Support for Red-Light Cameras May Be Dimming
Mar 17, 2013
The following article was published in the Lakeland Ledger on March 17, 2013:
By Kevin Bouffard
State Rep. Neil Combee supported red-light cameras until last December, when a camera at North Florida Avenue and Memorial Boulevard in Lakeland snagged him for a violation.
“I wasn’t real happy,” the Polk City Republican said recently on the way to Tallahassee for his first legislative session. “For the longest time, I’d been a supporter because I’ve seen people flying though red lights without concern for the law.”
Combee said he is reconsidering his position not because of the $158 fine but because the experience taught him about the limitations of red-light cameras.
The violation happened because he was driving behind a tractor-trailer rig and could not see the traffic light had turned yellow, Combee said. By the time the semi cleared, he could not stop in time.
Combee said he subsequently re-created the same scenario several times and discovered a semi will obscure a traffic light even if keeping the recommended space between vehicles.
“It caused me to consider maybe I need to rethink what red-light cameras are about,” said Combee.
Unlike the tens of thousands of Florida motorists also ticketed through red-light cameras — including more than 91,000 motorists ticketed in Lakeland and Haines City through last year — Combee may be in a position to change the state law passed in 2010 that permits the traffic systems.
A bill to repeal that permission is pending in the Florida House of Representatives Appropriations Committee chaired by state Rep. Seth McKeel, R-Lakeland.
Although McKeel voted for a similar bill last year, which passed the House 59-57, he was not showing his hand on this year’s bill.
“I respect the concerns of those on both sides of the issue and look forward to a thoughtful debate on the matter this session,” McKeel said in an email to The Ledger.
Last year’s House bill did not get enacted for lack of a companion bill in the Florida Senate.
Despite the red-light camera systems in Lakeland and Haines City, or perhaps because of the public backlash against them, a majority in the Polk County legislative delegation leans toward supporting the repeal measure.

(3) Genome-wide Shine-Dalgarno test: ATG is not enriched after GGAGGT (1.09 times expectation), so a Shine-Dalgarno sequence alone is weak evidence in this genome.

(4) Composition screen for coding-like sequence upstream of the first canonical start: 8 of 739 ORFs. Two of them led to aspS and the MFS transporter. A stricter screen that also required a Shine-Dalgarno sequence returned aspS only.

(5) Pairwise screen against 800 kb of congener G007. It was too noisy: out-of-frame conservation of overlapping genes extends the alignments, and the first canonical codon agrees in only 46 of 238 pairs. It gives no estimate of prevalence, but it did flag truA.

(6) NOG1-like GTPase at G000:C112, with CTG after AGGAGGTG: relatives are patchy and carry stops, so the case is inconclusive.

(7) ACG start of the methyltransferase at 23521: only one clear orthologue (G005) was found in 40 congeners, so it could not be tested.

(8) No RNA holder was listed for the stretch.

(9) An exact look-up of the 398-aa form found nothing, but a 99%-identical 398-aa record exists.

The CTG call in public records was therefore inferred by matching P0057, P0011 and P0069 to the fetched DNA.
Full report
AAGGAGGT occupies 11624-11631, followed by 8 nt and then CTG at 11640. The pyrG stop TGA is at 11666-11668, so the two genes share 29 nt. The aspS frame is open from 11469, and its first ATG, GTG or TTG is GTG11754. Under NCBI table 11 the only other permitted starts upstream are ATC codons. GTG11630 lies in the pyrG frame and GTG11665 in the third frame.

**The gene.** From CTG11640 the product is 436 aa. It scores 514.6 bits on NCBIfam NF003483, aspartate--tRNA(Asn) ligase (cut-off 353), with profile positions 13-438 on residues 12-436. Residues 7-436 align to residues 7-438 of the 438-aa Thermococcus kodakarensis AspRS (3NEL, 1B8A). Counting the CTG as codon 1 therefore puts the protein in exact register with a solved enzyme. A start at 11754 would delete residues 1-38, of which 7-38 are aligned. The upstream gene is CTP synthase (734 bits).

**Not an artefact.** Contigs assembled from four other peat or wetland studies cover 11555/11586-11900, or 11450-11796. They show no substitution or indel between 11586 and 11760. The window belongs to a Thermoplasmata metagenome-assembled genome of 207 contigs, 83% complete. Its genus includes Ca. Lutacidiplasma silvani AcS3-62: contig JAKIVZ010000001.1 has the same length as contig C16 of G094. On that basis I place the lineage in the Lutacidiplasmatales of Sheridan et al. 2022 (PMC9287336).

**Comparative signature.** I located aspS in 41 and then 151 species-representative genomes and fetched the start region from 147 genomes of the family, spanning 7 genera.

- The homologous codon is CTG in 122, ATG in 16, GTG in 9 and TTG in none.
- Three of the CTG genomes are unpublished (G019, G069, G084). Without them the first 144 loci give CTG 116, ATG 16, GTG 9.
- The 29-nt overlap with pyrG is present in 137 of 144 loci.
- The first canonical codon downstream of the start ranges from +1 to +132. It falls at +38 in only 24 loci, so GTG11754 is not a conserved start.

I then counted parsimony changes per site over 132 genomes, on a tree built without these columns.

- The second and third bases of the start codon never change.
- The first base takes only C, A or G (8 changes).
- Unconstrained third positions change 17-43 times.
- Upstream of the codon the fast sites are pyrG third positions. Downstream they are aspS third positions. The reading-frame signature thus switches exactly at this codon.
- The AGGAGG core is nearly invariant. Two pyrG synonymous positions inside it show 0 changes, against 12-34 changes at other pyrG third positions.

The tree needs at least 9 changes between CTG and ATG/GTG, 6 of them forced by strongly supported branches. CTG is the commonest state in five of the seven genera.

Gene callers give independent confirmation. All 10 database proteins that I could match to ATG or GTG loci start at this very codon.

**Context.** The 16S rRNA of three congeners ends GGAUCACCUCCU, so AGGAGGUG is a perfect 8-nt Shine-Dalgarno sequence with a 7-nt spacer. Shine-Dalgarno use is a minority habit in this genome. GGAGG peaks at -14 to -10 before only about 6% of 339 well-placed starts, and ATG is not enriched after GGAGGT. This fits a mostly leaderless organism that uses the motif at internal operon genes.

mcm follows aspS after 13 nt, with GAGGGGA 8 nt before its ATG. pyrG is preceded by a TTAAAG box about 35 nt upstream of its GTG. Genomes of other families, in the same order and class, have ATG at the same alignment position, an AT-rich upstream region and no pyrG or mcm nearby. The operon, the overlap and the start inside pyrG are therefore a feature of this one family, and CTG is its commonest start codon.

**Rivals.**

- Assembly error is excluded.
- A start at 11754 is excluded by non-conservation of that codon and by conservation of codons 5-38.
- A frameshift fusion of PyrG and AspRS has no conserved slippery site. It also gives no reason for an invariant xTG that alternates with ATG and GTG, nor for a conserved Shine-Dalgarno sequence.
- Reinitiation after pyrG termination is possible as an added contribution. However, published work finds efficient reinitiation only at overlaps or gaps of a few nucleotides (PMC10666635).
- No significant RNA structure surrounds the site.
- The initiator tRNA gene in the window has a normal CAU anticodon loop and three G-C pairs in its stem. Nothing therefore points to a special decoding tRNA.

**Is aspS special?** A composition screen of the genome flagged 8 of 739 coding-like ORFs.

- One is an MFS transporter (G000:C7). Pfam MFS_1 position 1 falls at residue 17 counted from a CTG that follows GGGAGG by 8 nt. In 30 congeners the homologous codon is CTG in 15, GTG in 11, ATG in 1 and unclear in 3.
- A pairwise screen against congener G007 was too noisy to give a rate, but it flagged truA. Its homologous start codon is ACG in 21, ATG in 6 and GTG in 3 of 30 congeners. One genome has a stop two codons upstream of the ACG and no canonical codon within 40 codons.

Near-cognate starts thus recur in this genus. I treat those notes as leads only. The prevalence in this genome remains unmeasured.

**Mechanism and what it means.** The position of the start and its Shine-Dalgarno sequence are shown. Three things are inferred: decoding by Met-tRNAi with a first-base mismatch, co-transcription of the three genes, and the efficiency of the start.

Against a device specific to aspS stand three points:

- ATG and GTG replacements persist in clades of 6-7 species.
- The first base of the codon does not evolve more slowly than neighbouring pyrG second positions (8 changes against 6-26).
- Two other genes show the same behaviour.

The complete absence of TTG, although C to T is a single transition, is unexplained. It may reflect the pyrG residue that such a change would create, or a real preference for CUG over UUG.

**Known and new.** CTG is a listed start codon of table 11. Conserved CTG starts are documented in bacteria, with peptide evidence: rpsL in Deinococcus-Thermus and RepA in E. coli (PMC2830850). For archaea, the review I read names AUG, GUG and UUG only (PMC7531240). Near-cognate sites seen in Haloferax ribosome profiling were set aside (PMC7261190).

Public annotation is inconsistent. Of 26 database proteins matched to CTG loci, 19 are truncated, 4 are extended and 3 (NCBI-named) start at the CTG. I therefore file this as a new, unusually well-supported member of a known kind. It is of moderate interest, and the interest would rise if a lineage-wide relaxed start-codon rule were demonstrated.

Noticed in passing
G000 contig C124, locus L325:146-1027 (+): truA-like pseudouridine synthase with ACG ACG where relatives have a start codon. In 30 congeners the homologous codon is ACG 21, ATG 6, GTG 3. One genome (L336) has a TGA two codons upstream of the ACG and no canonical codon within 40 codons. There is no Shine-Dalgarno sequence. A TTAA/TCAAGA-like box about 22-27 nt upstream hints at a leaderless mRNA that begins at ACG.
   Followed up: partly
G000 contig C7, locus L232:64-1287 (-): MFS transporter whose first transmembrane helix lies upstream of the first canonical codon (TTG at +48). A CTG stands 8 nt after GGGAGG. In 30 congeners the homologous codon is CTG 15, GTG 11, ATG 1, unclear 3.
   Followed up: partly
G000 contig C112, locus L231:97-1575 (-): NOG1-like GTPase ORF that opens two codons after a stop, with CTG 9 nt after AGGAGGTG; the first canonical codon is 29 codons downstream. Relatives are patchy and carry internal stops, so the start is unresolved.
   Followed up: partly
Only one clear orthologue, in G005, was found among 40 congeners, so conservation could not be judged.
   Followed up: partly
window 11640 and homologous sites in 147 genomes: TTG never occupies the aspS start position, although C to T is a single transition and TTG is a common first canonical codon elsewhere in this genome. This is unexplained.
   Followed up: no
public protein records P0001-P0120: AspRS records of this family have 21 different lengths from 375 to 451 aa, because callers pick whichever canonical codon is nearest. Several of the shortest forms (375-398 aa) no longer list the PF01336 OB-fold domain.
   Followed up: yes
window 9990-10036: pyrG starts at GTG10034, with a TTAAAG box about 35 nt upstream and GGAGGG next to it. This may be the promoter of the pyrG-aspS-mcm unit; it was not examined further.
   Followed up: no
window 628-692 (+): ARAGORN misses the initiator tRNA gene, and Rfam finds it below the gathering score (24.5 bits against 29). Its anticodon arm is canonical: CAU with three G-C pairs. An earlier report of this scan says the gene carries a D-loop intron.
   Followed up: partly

“My concern is not the fate of red-light cameras but what’s next. What’s the next surveillance mode that computers will interject into our daily lives?” said state Rep. Ben Albritton, R-Wauchula, whose district includes southwestern Polk.
Albritton, also a member of the Appropriations Committee, said he supports the repeal bill. Combee and McKeel indicated they were undecided, and state Rep. Mike LaRosa, R-Kissimmee, did not answer phone and email inquiries from The Ledger.
Of the four members of Polk’s House delegation, only state Rep. John Wood, R-Winter Haven, stood firmly opposed to repealing red-light camera authority.
“I’m a firm believer in local authority,” Wood said. “It’s a decision each community should make. I have faith that local leaders will make the right decision and, if they don’t, they will be replaced by the voters.”
On the Senate side of the local delegation, Republican Sens. Kelli Stargel of Lakeland and Denise Grimsley of Sebring voted for last year’s repeal bill when they represented House districts. Both told The Ledger they haven’t changed.
“I think cities are abusing the red-light cameras,” Stargel said. “I think a lot of cities use it as a revenue generator. If they put them at the highest risk intersections, I would understand that.”
Only state Sen. Darren Soto, D-Kissimmee, whose district includes Haines City and northeastern Polk, opposes repeal.
“I support red-light cameras because they save lives,” Soto said.
However, Grimsley, Soto and Stargel may not vote on the issue this year. Like last year, House sponsors of the repeal effort failed to find a senator to sponsor a companion bill in the upper body.
“It (the current repeal bill) will probably pass the House and probably not come to a vote in the Senate,” Soto said.